ASKAbout ASKProgramsOnline LearningPhoto / VideoMediaAtlantaSupport ASK
MBY 4:1b Halachos of washing the hands in the morning (part 2)
MBY 4:1b Halachos of washing the hands in the morning (part 2)
In our introductory lesson to this siman, we learned that there are three reasons that we must wash our hands in the morning:
1) To remove the ‘ruach ra’ah’ (evil spirit) which rests on our hands when we sleep (a.k.a. ‘negel vasser’). [Note: This explanation is given explicitly in the Talmud, and all halachic authorities agree to this reason for hand-washing; yet, apparently, this reason is not why the bracha ‘al netilas yadayim’ was instituted, as we will show.]
2) To sanctify ourselves for a new day of service to Hashem, similar to the way the ‘Kohanim’ (priests) used to sanctify their hands in the ‘kiyor’ (laver) before beginning the Temple Service each day. [Note: This reason is put forth by the 14th C authority, Rashb”a (Rabbeinu Shlomo ben Aderet) as to why the Sages instituted morning hand-washing with the bracha ‘al netilas yadayim’.]
3) To clean our hands from dirt or perspiration as preparation for the morning ‘tefilos’ (prayers) [Note: This reason is put forth by a parallel authority, Ro”sh (Rabbeinu Asher), as to the reason for morning hand-washing with a bracha.

In order to get a better understanding of the sequence of morning hand-washing and the making of its bracha, let us analyze the matter a bit in light of the three reasons above:

Based upon reason #1 (‘negel vasser’), the washing must be done as soon as possible after waking, so as not to allow the ‘ruach ra’ah’ to remain on the hands. On the other hand (n.p.i.), as mentioned, the ‘negel vasser’ reason did not generate a bracha-requirement. For example, according to halacha, one washes ‘negel vasser’ after sleeping anytime during the day or night, and yet a bracha is not said after that washing unless it is morning. Thus we see that ‘negel vasser’ washing does not create a bracha-requirement.

According to the Rashb”a’s reason #2, what creates a requirement to wash and make a bracha is the fact that we are beginning a brand new day of service to Hashem. Accordingly, it would seem, that the proper thing to do would be to wash ‘negel vasser’ - even before using the bathroom - then use the bathroom (thereby cleaning out one’s system so that he is worthy of making a bracha), then wash the hands again, this time with a bracha, having “sanctified” himself as early in the day as possible.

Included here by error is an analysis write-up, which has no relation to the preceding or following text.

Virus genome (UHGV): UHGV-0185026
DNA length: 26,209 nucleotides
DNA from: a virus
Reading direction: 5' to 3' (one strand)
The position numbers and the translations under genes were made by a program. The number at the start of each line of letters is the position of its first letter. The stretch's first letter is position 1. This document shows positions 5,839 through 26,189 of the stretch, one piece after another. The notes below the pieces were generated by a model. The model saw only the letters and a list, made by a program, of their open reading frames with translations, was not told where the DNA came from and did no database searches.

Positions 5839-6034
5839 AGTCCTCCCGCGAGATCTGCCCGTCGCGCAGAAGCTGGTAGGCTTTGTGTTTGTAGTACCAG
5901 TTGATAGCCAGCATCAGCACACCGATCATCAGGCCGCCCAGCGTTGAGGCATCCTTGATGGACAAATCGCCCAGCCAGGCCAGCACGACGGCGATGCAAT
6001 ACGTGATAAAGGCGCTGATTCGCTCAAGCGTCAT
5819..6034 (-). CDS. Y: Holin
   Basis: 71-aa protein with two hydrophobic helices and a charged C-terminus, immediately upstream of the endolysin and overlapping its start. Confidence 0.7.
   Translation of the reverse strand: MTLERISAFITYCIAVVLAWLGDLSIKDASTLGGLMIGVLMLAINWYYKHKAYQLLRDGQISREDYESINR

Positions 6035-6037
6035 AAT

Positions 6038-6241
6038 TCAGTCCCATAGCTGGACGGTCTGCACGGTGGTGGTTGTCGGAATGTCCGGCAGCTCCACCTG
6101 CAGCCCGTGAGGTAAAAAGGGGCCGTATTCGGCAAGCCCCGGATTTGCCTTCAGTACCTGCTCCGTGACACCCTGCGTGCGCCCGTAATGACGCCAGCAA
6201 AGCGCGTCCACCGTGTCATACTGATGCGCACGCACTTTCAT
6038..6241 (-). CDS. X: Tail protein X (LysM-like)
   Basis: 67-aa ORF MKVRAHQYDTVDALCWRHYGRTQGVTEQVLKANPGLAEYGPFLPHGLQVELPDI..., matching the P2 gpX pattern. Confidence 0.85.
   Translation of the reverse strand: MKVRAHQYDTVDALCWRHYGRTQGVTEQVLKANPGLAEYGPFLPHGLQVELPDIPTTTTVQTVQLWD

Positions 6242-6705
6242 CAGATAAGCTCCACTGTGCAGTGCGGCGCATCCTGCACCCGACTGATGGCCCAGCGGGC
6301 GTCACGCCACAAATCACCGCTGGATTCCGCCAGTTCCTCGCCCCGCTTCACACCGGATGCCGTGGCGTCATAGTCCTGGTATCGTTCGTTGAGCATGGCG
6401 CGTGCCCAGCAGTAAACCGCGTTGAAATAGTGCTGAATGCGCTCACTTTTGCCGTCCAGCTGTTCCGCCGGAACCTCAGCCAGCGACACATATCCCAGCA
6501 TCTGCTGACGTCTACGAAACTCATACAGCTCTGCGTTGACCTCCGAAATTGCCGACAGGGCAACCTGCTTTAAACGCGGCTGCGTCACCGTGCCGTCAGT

According to the Ro”sh’s reason #3, however, the hand-washing with its bracha is primarily associated to ‘tefilah’ – i.e. one physically cleans his hands from dirt and perspiration which he most likely touched on his body while he slept, thereby making him clean enough to daven. Now, we all know that in the time between that first visit to the bathroom and the beginning of davening, many things can happen that can cause one’s hands to need a re-washing - e.g. getting dressed, using the bathroom a second time, etc. The best time, it would seem, to wash and make the bracha according to the Ro”sh, would be right before davening!

The theory in practice
I lead a Talmud class in the Kollel Beis Midrash one hour before davening on most weekdays. Invariably, I use the bathroom again before davening (Ed: You know, all that coffee, a water bottle etc.) Thus by the time I am ready to daven, I have washed my hands at least three times: once ‘negel wasser’, once before leaving the house and then again right before davening.

So when should I make the bracha ‘al netilas yadayim’?

According to my understanding of the Mishnah Berura, I should not make the bracha until the washing right before davening! Why? According to the Ro”sh, that is the hand-washing that creates the bracha-requirement in the first place. Even according to the Rashb”a, one is permitted to defer his morning brachos a little, particularly if he hasn’t yet davened. In order to satisfy both opinions, the decision should be to wait until both criteria are fulfilled. Is this clear?

Atlanta Scholars Kollel 2017 © All Rights Reserved.   |   Website Designed & Developed by Duvys Media